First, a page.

When combined, these two portfolios effectively generate the efficient frontier, which is the portfolio that offers the optimal trade-off between risk and expected return. Our work thus provides a new method for measuring accurately the return for bearing idiosyncratic risk and for exploiting this optimally.
What is the relative importance of the portfolio components based on systematic and unsystematic risk?
Theoretically, we show that as the number of stocks increases, the weights of the unsystematic-risk portfolio increase in importance relative to the weights of the systematic-risk portfolio. Empirically, we find that, even in a portfolio with only 30 assets, the weights of the unsystematic-risk portfolio contribute to about 80% of the overall portfolio weight in each stock on average, while the weights in the systematic-risk portfolio contribute only about 20%.
So, even in a diversified portfolio, unsystematic risk is actually rewarded?
Precisely. In fact, in terms of performance, the unsystematic-risk portfolio dominates the systematic-risk portfolio. That is, most of the performance comes from the unsystematic-risk portfolio, with the systematic-risk portfolio contributing only a small fraction (less than 20%). We confirm this finding in four different datasets.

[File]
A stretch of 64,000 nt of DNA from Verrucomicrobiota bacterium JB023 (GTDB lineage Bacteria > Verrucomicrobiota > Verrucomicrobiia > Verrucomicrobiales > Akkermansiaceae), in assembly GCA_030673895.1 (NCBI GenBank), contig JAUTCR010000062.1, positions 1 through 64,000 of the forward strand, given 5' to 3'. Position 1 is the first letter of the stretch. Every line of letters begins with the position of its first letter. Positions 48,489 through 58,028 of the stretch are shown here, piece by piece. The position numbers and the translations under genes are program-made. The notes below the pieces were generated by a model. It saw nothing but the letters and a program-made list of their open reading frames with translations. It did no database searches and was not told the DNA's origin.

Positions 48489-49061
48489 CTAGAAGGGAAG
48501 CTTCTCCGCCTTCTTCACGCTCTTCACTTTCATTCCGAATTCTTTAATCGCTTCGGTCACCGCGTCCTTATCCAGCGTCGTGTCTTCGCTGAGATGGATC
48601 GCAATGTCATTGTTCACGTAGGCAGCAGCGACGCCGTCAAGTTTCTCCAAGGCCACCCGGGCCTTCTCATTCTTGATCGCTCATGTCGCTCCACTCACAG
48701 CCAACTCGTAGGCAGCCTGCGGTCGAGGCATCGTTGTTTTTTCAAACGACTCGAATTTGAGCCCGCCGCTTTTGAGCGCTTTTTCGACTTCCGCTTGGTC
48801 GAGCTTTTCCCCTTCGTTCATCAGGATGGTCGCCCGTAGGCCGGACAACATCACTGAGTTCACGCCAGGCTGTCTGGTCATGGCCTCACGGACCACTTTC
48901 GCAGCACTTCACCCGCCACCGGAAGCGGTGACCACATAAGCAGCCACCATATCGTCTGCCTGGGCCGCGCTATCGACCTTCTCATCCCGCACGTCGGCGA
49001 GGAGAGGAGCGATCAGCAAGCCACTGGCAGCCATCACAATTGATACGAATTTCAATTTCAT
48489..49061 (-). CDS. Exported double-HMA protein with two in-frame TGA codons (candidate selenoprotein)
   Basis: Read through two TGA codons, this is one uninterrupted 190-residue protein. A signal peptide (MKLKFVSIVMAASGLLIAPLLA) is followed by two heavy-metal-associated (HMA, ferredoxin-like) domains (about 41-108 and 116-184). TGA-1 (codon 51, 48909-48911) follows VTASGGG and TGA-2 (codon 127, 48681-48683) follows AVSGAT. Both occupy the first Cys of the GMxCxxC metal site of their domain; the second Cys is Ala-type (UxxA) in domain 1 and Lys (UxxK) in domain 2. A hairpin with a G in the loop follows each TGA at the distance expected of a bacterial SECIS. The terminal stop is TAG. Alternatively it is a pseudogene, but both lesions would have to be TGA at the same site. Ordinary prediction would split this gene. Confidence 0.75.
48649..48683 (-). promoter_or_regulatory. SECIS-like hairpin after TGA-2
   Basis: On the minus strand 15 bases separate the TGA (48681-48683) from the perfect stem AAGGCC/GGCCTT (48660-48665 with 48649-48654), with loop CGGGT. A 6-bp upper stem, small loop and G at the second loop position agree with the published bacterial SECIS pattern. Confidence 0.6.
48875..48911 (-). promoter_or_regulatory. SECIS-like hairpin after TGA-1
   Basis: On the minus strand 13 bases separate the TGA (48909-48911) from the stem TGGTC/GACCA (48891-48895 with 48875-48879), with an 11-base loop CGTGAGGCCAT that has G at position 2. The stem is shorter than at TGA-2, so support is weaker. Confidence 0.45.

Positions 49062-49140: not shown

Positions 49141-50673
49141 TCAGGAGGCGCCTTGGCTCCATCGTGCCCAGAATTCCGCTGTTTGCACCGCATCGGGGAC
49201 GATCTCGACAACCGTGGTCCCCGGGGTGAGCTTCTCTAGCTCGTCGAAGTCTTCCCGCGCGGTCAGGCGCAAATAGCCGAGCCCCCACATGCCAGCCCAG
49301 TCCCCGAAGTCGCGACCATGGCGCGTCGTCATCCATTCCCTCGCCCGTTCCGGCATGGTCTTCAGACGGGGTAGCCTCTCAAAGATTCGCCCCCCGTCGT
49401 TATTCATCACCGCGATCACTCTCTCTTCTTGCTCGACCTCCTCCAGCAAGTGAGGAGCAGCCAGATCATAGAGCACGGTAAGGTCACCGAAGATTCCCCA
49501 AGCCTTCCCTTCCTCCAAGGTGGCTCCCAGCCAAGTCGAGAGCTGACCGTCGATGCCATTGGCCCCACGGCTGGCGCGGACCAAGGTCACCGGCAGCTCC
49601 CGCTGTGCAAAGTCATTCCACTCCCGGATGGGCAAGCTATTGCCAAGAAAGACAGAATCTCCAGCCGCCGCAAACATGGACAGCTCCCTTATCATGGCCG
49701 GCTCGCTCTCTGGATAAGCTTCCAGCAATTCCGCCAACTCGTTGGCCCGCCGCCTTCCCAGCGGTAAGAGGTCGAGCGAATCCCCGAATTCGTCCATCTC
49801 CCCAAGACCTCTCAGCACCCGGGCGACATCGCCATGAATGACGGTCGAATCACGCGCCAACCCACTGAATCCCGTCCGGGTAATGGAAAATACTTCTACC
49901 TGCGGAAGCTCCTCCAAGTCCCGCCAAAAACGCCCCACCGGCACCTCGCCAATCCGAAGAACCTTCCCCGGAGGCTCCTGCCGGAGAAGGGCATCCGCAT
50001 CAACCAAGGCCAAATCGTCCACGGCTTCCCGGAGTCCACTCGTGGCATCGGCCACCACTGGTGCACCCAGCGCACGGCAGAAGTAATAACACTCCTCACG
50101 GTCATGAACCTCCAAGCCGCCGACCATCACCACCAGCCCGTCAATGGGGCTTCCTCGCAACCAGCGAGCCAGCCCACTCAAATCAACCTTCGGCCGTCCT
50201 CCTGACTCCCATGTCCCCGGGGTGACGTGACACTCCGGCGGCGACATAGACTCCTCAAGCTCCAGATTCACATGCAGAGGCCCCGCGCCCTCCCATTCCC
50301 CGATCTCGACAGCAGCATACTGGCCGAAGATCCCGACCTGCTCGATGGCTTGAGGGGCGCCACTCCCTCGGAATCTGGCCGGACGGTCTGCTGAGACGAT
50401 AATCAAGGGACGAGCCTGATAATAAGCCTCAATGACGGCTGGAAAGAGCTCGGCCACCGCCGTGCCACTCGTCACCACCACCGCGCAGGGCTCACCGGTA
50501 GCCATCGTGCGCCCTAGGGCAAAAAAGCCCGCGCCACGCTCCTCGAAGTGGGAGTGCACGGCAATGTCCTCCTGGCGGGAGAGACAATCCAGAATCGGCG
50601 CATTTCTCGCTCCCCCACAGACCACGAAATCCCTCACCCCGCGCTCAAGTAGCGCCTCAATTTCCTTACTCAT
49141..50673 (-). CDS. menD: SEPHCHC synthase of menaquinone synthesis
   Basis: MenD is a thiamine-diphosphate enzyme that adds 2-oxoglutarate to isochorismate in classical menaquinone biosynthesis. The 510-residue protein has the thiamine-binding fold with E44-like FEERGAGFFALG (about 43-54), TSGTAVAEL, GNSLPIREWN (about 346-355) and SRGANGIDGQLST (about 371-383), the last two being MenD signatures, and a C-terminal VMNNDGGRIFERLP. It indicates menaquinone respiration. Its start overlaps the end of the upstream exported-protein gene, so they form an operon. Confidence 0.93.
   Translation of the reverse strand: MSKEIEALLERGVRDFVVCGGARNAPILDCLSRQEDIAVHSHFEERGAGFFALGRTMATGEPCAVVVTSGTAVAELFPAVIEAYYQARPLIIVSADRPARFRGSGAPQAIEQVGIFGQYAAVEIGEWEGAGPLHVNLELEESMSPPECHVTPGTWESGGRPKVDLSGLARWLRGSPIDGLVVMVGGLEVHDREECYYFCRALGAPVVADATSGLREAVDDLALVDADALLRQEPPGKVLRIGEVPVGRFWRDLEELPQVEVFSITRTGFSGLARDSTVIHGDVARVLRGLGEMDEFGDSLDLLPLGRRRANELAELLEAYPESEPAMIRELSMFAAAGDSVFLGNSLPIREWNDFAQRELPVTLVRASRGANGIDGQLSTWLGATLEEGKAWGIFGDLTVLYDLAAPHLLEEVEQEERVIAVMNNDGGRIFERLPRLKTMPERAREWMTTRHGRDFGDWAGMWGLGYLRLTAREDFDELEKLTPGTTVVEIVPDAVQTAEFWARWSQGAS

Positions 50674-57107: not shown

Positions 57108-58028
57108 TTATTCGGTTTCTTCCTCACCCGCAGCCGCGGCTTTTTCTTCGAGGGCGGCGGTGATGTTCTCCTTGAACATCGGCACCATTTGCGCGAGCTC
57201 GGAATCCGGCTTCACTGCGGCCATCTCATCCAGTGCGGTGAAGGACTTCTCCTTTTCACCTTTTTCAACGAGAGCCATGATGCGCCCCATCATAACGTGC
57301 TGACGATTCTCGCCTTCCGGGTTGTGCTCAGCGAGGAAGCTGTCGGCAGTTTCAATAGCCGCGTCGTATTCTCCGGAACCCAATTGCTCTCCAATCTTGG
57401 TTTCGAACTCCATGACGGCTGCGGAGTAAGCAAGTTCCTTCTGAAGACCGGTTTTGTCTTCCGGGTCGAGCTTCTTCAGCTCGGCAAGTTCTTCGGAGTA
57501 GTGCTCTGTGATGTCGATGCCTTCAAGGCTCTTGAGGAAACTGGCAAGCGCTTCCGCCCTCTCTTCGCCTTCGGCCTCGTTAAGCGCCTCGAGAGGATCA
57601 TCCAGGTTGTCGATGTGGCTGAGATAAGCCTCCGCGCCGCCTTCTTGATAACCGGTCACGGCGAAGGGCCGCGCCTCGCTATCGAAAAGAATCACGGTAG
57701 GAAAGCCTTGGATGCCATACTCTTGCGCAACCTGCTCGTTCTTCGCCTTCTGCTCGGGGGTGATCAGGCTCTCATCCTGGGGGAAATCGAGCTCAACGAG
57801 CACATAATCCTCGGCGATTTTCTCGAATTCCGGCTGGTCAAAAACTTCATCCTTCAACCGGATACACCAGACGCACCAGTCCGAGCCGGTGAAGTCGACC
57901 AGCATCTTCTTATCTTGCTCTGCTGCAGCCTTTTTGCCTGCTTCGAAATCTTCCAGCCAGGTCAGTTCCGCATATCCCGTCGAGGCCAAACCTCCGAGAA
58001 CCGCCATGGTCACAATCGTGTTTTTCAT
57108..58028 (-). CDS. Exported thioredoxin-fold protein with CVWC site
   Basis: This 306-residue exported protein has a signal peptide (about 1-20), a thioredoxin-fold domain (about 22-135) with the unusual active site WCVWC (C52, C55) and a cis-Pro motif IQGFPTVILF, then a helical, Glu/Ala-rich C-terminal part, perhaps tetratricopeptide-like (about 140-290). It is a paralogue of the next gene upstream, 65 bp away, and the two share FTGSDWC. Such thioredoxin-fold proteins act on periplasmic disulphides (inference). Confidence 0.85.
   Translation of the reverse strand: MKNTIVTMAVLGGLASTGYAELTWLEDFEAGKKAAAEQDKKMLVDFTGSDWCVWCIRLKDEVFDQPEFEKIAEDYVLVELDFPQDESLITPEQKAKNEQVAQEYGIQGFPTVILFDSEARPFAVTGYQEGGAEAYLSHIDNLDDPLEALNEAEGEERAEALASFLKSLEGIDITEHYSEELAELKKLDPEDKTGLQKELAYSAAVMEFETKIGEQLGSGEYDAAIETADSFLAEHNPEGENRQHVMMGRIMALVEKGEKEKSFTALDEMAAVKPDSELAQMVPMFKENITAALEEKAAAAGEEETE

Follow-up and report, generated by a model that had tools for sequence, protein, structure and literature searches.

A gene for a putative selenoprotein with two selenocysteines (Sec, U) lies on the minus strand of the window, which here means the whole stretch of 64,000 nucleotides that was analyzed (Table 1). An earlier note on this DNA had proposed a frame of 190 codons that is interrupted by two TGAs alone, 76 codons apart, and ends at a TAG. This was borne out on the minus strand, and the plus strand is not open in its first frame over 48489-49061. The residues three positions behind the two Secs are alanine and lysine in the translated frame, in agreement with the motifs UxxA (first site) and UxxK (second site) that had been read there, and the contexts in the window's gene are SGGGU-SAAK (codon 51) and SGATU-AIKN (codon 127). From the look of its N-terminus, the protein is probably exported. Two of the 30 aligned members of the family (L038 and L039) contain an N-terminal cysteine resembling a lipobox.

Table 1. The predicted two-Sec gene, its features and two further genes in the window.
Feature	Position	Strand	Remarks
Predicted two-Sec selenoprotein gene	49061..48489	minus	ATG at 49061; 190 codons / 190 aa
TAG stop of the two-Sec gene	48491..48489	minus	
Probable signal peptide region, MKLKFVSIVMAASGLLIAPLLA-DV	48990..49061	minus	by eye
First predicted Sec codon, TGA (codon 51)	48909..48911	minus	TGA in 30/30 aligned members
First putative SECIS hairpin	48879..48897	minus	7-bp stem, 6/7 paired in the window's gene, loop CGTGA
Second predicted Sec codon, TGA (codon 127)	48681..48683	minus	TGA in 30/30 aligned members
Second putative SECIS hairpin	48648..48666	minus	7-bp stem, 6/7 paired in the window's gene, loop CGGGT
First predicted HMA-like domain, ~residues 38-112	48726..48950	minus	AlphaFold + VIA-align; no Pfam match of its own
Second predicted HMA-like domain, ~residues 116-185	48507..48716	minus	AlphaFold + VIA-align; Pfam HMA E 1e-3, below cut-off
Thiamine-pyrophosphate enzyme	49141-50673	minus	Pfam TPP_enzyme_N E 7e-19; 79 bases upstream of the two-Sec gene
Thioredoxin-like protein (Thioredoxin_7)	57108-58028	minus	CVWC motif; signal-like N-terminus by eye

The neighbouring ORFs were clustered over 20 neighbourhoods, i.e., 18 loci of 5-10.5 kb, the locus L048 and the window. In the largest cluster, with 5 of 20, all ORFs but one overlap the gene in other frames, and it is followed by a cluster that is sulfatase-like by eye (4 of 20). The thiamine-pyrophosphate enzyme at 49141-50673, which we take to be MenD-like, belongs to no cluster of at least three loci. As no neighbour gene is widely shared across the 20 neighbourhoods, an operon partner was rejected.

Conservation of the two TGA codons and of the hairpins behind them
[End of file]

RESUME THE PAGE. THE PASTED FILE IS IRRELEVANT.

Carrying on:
What does this mean for portfolio choice models?
Thanks to this study, we can conclude that what has generally been viewed as pricing errors is in reality compensation for unsystematic risk and an integral part of the asset pricing model. Our theoretical and empirical work demonstrates that unsystematic risks in individual stocks are actually compensated, so it is important to include in one's portfolio the component that exploits unsystematic risk rather than dismiss it.
(1) What is Missing in Asset-Pricing Factor Models? Massimo Dello Preite, Raman Uppal, Paolo Zaffaroni et Irina Zviadadzea (May 2023). Available at SSRN: https://ssrn.com/abstract=4135146